Project description:Kidneys are composed of numerous ciliated epithelial tubules called nephrons. Each nephron functions to reabsorb nutrients and concentrate waste products into urine. Defects in primary cilia are associated with abnormal formation of nephrons and cyst formation in a wide range of kidney disorders. Previous work in Xenopus laevis and zebrafish embryos established that loss of components that make up the Wnt/PCP pathway, Daam1 and ArhGEF19 (wGEF) perturb kidney tubulogenesis. Dishevelled, which activates both the canonical and non-canonical Wnt/PCP pathway, affect cilia formation in multiciliated cells. In this study, we investigated the role of the noncanoncial Wnt/PCP components Daam1 and ArhGEF19 (wGEF) in renal ciliogenesis utilizing polarized mammalian kidney epithelia cells (MDCKII and IMCD3) and Xenopus laevis embryonic kidney. We demonstrate that knockdown of Daam1 and ArhGEF19 in MDCKII and IMCD3 cells leads to loss of cilia, and Daam1's effect on ciliogenesis is mediated by the formin-activity of Daam1. Moreover, Daam1 co-localizes with the ciliary transport protein Ift88 and is present in cilia. Interestingly, knocking down Daam1 in Xenopus kidney does not lead to loss of cilia. These data suggests a new role for Daam1 in the formation of primary cilia.
Project description:Embryopathies that develop as a consequence of maternal diabetes have been studied intensely in both experimental and clinical scenarios. Accordingly, hyperglycaemia has been shown to downregulate the expression of elements in the non-canonical Wnt-PCP pathway, such as the Dishevelled-associated activator of morphogenesis 1 (Daam1) and Vangl2. Daam1 is a formin that is essential for actin polymerization and for cytoskeletal reorganization, and it is expressed strongly in certain organs during mouse development, including the eye, neural tube and heart. Daam1(gt/gt) and Daam1(gt/+) embryos develop ocular defects (anophthalmia or microphthalmia) that are similar to those detected as a result of hyperglycaemia. Indeed, studying the effects of maternal diabetes on the Wnt-PCP pathway demonstrated that there was strong association with the Daam1 genotype, whereby the embryopathy observed in Daam1(gt/+) mutant embryos of diabetic dams was more severe. There was evidence that embryonic exposure to glucose in vitro diminishes the expression of genes in the Wnt-PCP pathway, leading to altered cytoskeletal organization, cell shape and cell polarity in the optic vesicle. Hence, the Wnt-PCP pathway appears to influence cell morphology and cell polarity, events that drive the cellular movements required for optic vesicle formation and that, in turn, are required to maintain the fate determination. Here, we demonstrate that the Wnt-PCP pathway is involved in the early stages of mouse eye development and that it is altered by diabetes, provoking the ocular phenotype observed in the affected embryos.
Project description:Anencephaly is a fatal human neural tube defect (NTD) in which the anterior neural tube remains open. Zebrafish embryos with reduced Nodal signaling display an open anterior neural tube phenotype that is analogous to anencephaly. Previous work from our laboratory suggests that Nodal signaling acts through induction of the head mesendoderm and mesoderm. Head mesendoderm/mesoderm then, through an unknown mechanism, promotes formation of the polarized neuroepithelium that is capable of undergoing the movements required for closure. We compared the transcriptome of embryos treated with a Nodal signaling inhibitor at sphere stage, which causes NTDs, to embryos treated at 30% epiboly, which does not cause NTDs. This screen identified over 3,000 transcripts with potential roles in anterior neurulation. Expression of several genes encoding components of tight and adherens junctions was significantly reduced, supporting the model that Nodal signaling regulates formation of the neuroepithelium. mRNAs involved in Wnt, FGF, and BMP signaling were also differentially expressed, suggesting these pathways might regulate anterior neurulation. In support of this, we found that pharmacological inhibition of FGF-receptor function causes an open anterior NTD as well as loss of mesodermal derivatives. This suggests that Nodal and FGF signaling both promote anterior neurulation through induction of head mesoderm.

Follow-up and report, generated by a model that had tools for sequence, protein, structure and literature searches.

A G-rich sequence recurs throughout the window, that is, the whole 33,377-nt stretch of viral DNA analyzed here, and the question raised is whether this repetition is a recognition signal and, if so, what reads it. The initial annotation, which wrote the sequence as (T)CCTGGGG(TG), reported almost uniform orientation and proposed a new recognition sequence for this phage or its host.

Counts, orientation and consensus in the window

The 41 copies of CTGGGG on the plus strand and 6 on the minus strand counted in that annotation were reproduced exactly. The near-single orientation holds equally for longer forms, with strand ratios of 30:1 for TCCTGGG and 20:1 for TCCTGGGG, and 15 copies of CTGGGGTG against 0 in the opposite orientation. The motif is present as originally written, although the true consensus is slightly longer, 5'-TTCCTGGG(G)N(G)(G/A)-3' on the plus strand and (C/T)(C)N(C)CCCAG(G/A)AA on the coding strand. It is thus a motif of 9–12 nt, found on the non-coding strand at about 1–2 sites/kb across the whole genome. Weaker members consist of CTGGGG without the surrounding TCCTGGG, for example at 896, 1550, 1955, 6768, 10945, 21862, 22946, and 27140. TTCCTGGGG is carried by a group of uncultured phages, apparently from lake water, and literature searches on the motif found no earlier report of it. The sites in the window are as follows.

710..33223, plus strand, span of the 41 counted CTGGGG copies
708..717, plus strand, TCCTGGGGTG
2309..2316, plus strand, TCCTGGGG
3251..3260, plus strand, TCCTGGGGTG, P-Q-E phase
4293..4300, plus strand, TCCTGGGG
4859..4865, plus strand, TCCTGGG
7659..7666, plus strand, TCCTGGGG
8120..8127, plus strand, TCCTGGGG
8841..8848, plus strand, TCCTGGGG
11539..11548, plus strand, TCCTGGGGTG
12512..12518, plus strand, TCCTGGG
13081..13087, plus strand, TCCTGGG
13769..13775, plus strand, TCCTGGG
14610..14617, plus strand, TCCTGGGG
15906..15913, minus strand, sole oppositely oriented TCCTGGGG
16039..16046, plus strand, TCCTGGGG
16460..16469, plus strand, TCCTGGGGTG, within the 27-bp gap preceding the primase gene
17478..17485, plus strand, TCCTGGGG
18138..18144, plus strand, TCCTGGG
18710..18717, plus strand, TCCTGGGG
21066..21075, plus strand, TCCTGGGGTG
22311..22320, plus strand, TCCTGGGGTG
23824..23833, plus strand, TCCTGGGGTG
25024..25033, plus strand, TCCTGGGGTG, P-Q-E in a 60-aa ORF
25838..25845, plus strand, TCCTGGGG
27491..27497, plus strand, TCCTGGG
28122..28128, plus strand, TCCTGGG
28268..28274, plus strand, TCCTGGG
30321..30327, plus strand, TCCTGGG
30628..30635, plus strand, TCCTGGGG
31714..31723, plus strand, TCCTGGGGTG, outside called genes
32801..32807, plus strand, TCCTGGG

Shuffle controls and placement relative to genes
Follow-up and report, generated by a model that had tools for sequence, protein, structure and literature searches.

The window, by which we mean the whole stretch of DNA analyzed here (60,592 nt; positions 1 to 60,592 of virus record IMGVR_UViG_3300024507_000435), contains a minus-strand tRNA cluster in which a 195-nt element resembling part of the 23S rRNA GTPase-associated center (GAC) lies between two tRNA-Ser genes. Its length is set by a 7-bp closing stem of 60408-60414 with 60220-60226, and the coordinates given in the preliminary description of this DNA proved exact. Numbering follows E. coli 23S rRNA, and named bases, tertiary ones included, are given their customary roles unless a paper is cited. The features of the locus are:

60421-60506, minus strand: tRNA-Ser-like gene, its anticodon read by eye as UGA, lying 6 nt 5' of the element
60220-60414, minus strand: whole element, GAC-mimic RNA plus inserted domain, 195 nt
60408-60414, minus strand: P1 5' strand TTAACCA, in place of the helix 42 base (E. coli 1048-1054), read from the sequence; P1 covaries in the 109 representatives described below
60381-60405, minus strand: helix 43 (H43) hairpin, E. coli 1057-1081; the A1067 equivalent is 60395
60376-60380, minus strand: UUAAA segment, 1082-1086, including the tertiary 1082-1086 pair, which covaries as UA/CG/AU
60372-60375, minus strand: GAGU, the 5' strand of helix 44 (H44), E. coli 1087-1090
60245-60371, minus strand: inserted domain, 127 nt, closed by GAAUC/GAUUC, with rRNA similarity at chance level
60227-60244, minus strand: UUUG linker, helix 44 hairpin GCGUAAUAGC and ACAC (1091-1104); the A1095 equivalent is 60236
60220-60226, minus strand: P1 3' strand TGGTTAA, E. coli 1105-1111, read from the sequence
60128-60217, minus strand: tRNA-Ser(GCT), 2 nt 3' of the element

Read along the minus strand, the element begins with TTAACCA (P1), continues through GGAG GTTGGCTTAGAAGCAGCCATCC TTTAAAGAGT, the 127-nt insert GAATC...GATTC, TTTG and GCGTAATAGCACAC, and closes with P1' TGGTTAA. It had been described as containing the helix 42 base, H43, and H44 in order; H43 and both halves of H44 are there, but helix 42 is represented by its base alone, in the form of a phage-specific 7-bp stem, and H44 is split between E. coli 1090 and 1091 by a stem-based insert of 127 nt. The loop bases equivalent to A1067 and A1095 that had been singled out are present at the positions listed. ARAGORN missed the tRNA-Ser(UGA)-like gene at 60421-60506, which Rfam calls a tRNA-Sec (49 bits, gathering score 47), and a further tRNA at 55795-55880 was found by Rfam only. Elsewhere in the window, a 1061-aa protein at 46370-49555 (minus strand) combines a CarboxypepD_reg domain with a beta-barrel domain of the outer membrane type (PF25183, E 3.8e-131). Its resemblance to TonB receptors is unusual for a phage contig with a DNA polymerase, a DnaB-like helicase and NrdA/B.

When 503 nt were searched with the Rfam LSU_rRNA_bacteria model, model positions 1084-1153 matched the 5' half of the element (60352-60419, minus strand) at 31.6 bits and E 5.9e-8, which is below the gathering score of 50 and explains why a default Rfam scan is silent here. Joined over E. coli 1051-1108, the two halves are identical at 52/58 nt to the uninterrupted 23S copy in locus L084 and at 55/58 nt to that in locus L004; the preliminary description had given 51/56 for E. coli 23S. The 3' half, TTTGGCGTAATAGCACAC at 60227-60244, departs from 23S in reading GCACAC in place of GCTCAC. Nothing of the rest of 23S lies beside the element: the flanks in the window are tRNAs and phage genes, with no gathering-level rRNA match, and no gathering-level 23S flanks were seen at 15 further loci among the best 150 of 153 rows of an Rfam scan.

Project description:Environmental and genetic aberrations lead to neural tube closure defects (NTDs) in 1 out of every 1,000 births. Mouse and frog models for these birth defects have indicated that Van Gogh-like 2 (Vangl2, also known as Strabismus) and other components of planar cell polarity (PCP) signalling might control neurulation by promoting the convergence of neural progenitors to the midline. Here we show a novel role for PCP signalling during neurulation in zebrafish. We demonstrate that non-canonical Wnt/PCP signalling polarizes neural progenitors along the anteroposterior axis. This polarity is transiently lost during cell division in the neural keel but is re-established as daughter cells reintegrate into the neuroepithelium. Loss of zebrafish Vangl2 (in trilobite mutants) abolishes the polarization of neural keel cells, disrupts re-intercalation of daughter cells into the neuroepithelium, and results in ectopic neural progenitor accumulations and NTDs. Remarkably, blocking cell division leads to rescue of trilobite neural tube morphogenesis despite persistent defects in convergence and extension. These results reveal a function for PCP signalling in coupling cell division and morphogenesis at neurulation and indicate a previously unrecognized mechanism that might underlie NTDs.